Heritage of Mercury. Almadén and Idrija

The sites forming part of the proposed series constitute the most noteworthy examples of mercury mines in the world and because of this they have had an important role in the history of humanity, from ancient times up to the present day. Their moment of greatest historical significance was at the point when they complemented each other to achieve the production that was sent to America along Intercontinental Camino Real of the Spanish Empire, from Europe to Spanish America.

It dates from the second half of the 16 th Century, when the mercury amalgamation process made possible the large-scale exploitation of the silver of New Spain. Europe and America were closely tied together in a structure linking ports and cities, peoples and communication nodes in order to ensure the stability of the economic model of trading monopolies and other cultural and spiritual values developed by the Spanish Monarchy to serve as the basis or the goal of the Empire.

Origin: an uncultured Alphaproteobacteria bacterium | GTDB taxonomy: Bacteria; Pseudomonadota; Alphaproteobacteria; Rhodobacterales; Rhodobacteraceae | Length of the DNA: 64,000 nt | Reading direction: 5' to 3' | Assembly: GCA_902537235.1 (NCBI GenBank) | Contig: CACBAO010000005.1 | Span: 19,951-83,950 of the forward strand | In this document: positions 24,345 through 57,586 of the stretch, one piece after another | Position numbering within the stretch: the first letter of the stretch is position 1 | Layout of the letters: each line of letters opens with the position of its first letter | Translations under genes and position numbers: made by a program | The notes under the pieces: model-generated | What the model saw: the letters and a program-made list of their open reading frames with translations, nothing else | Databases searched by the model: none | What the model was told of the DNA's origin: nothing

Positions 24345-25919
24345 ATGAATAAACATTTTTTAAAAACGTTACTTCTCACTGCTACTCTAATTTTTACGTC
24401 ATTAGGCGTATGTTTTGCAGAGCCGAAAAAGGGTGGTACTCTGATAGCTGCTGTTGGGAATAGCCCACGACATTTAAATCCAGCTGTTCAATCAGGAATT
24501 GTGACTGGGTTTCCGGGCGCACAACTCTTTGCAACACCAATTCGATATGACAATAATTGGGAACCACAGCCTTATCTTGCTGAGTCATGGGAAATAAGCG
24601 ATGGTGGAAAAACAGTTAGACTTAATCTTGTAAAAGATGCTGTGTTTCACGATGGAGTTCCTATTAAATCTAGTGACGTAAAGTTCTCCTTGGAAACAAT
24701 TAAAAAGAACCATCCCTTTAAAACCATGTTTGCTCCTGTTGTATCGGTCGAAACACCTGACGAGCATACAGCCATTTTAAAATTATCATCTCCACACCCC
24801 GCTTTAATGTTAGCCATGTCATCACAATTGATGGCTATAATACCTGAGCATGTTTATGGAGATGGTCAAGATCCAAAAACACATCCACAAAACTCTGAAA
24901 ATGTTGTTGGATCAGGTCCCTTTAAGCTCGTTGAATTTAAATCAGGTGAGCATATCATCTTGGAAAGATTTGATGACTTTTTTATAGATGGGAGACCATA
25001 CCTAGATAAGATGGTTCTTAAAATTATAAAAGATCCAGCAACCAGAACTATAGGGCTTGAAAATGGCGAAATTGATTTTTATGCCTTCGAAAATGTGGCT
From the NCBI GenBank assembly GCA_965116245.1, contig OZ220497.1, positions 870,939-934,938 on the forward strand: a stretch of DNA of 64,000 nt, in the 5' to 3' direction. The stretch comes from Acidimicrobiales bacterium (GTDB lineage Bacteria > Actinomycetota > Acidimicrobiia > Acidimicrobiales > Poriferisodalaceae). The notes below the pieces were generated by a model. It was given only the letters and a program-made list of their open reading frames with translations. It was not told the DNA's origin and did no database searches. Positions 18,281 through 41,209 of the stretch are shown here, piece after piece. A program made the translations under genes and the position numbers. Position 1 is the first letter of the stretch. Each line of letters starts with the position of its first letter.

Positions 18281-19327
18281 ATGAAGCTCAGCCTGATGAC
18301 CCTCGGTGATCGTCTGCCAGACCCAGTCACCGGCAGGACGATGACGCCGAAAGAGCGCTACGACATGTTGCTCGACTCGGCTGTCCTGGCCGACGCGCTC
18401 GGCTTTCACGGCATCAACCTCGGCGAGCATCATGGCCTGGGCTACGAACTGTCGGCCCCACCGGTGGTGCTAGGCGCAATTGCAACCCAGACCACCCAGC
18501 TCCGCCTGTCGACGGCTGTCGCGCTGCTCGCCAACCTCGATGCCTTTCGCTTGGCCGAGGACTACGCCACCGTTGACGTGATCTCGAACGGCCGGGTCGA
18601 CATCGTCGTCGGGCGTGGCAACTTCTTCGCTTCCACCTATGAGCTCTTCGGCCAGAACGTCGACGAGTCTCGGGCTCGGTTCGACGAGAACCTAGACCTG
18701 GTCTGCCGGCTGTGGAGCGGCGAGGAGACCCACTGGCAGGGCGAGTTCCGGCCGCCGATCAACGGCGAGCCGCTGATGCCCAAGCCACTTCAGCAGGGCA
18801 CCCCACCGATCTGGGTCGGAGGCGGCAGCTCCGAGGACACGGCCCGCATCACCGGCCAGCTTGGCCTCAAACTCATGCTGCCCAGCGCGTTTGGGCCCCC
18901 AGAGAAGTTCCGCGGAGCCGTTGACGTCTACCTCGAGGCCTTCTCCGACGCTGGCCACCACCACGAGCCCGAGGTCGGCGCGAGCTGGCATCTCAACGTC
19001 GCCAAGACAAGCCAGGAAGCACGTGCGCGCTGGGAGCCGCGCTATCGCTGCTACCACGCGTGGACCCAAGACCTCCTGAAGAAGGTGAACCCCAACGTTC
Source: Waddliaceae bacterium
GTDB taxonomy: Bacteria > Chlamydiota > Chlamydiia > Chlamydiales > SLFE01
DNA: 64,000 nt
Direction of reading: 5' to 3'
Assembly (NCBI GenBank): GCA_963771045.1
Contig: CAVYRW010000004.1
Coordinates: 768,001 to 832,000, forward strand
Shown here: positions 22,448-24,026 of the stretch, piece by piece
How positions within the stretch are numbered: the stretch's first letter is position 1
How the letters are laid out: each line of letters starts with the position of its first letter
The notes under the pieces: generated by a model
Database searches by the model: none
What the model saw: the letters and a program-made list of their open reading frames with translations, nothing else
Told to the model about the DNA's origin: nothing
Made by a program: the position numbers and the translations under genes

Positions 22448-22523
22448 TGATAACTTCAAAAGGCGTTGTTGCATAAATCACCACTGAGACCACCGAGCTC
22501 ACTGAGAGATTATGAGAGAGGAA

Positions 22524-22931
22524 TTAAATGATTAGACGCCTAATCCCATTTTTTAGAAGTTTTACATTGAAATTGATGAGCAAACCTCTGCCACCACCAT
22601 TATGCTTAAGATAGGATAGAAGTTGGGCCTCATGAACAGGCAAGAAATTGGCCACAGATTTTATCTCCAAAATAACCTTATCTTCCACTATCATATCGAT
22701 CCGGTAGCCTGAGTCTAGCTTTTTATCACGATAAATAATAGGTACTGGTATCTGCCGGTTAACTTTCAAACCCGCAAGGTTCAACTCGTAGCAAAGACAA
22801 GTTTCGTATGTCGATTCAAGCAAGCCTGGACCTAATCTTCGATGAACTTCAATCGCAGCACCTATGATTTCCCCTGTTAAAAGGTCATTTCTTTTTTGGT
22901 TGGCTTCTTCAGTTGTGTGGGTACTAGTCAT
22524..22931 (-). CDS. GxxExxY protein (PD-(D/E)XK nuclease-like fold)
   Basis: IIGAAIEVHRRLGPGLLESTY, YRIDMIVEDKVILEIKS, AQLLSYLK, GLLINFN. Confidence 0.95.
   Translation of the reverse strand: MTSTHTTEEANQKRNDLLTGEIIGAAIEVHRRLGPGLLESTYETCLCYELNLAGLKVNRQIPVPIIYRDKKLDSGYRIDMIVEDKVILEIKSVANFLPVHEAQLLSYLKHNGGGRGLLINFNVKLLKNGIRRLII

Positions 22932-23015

The transcendence of this phenomenon was such that while it marked the territorial structure of America, among other aspects, it also influenced the subsequent development of the mercury culture on both sides of the Atlantic and has continued to the present day.

A relative rare metal, liquid at room temperature, mercury is produced only by a few mines across the world, of which the largest is at Almadén in Spain and the second largest at Idrija in Slovenia. In addition to the aforementioned historical link, there are many similarities between the two mining complexes in terms of other historical periods, the way in which the population responded to the difficult living conditions of mercury production, and especially the amazing technical and scientific response to all kinds of challenges. They jointly form a set of assets constituting a serial property representing a complex and inter complementary mercury mining engineering methods and related industrial and technical development from the Roman Empire time to the fi rst years of the 21th century.It  also offers a complete panorama of the different uses and utilities of mercury throughout history.

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